The three years and out rule is essential. Allow people to remain in place any longer, and they begin building fiefdoms. You want your folks to be hyper-motivated to be the best damned regulators on Planet Earth because all regulatory jobs are essentially apprenticeships. Up, down -- or out.

    The anti-fraternization rules are also essential and are no privacy issue at all, as long as employees are advised of them before they are hired. As conditions of employment offers, such rules sail right by constitutional muster.

    Step Eight is already a requirement and/or a possibility for virtually every federal law enforcement official, because we need to know we can trust those guys. Well, we need to know we can trust our regulators too.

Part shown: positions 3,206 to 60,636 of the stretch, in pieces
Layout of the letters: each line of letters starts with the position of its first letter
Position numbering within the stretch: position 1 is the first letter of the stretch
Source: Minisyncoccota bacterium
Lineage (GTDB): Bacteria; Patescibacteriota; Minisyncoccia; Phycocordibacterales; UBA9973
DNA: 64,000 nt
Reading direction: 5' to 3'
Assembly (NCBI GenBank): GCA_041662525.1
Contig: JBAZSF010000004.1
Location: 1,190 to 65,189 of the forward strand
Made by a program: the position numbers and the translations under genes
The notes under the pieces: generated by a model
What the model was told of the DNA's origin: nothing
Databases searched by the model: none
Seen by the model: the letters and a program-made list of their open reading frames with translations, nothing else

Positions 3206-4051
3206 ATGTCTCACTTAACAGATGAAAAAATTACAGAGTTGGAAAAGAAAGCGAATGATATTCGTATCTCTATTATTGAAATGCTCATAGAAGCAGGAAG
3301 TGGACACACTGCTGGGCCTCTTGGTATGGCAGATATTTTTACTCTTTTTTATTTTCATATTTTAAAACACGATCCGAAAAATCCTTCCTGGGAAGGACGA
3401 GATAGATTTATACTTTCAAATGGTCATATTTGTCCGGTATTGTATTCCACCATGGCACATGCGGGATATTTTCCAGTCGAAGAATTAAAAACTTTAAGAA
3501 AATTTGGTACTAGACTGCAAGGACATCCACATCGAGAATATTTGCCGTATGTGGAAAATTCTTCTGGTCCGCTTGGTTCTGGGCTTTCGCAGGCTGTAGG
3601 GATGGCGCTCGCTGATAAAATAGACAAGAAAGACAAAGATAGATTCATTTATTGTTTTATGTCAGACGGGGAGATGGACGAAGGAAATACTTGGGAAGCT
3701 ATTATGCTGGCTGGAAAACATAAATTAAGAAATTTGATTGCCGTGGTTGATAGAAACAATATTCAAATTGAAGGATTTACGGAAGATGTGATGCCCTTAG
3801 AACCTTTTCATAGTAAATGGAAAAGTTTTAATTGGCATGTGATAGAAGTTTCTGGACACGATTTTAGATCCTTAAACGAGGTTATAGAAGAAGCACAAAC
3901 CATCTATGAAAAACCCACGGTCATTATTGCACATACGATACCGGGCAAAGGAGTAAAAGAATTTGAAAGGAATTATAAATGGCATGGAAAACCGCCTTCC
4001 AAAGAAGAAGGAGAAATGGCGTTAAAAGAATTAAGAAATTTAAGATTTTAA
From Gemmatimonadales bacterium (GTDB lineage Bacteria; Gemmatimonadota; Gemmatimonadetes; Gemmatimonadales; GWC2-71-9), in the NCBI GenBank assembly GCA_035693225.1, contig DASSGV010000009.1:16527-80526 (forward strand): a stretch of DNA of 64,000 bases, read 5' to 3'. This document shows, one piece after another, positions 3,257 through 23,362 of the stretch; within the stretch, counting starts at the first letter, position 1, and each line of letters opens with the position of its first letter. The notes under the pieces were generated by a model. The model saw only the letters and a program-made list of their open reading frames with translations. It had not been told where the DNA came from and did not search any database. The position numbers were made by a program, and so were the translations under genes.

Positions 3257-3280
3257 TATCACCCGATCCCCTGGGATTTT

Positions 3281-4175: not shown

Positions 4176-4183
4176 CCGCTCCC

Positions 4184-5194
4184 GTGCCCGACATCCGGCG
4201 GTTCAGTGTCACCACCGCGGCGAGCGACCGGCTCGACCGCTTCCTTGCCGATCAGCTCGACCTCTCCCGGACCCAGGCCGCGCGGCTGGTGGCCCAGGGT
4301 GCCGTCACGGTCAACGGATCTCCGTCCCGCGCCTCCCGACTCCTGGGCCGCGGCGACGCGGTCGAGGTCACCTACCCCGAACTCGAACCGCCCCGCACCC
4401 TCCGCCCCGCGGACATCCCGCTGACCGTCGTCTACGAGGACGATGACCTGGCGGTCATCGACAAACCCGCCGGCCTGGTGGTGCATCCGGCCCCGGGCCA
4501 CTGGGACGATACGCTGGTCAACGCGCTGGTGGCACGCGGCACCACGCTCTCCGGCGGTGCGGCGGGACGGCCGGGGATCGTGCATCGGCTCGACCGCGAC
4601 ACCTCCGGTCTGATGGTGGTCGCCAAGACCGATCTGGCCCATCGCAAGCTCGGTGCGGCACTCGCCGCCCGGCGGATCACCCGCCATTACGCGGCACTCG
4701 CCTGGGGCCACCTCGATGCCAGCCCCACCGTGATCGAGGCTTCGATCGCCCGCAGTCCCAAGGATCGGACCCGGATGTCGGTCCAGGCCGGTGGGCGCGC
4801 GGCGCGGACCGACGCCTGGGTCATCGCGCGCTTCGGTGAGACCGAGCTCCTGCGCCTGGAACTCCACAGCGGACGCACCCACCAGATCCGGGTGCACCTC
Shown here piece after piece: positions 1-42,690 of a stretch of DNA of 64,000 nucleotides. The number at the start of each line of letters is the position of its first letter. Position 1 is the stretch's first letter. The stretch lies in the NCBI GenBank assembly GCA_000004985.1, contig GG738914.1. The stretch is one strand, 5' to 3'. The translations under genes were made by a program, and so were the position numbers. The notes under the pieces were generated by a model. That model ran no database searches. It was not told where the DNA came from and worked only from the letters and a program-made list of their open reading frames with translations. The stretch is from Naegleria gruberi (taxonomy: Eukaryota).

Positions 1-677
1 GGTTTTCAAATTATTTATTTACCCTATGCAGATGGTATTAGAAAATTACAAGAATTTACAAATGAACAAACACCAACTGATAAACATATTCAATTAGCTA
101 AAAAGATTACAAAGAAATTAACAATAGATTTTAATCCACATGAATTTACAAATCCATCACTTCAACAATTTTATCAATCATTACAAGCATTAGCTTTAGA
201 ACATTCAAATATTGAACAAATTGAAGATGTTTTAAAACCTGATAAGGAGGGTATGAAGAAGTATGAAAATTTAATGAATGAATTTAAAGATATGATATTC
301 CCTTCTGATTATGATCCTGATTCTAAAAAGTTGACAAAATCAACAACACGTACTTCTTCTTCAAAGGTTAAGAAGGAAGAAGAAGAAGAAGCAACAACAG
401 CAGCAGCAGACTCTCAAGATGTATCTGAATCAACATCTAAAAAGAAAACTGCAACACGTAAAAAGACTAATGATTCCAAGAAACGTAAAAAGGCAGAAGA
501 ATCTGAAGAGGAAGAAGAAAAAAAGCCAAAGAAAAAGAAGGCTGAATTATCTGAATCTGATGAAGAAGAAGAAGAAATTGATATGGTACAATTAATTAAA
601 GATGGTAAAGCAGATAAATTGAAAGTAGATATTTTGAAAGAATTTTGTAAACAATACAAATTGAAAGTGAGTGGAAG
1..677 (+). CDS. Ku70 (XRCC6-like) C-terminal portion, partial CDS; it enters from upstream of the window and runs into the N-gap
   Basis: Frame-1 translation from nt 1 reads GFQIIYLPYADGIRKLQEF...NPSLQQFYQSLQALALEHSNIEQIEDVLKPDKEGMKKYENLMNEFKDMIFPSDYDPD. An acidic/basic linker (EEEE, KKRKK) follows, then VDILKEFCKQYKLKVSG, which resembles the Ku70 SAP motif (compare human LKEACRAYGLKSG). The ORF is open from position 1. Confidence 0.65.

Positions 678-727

The point of Step Nine is that if an industry desperately needs regulation for all our sakes, it is best not to downstream the regulators into obscurity and hope they do a great job after it all goes dark. The watchers need watching too.

    The point of Step Ten is, it matters one helluva lot less what rules are enacted than it does how motivated the regulators are to see them actually enforced. And BTW, the regulators are not necessarially the only ones who must or should write the rules. Congressional subcommittees could write them. A separate agency could write them. Even the Industry itself could write 99% of them. It is all (almost all) about enforcement to me.

     
    Last edited: May 21, 2010
  6. martybegan
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    martybegan Gold Member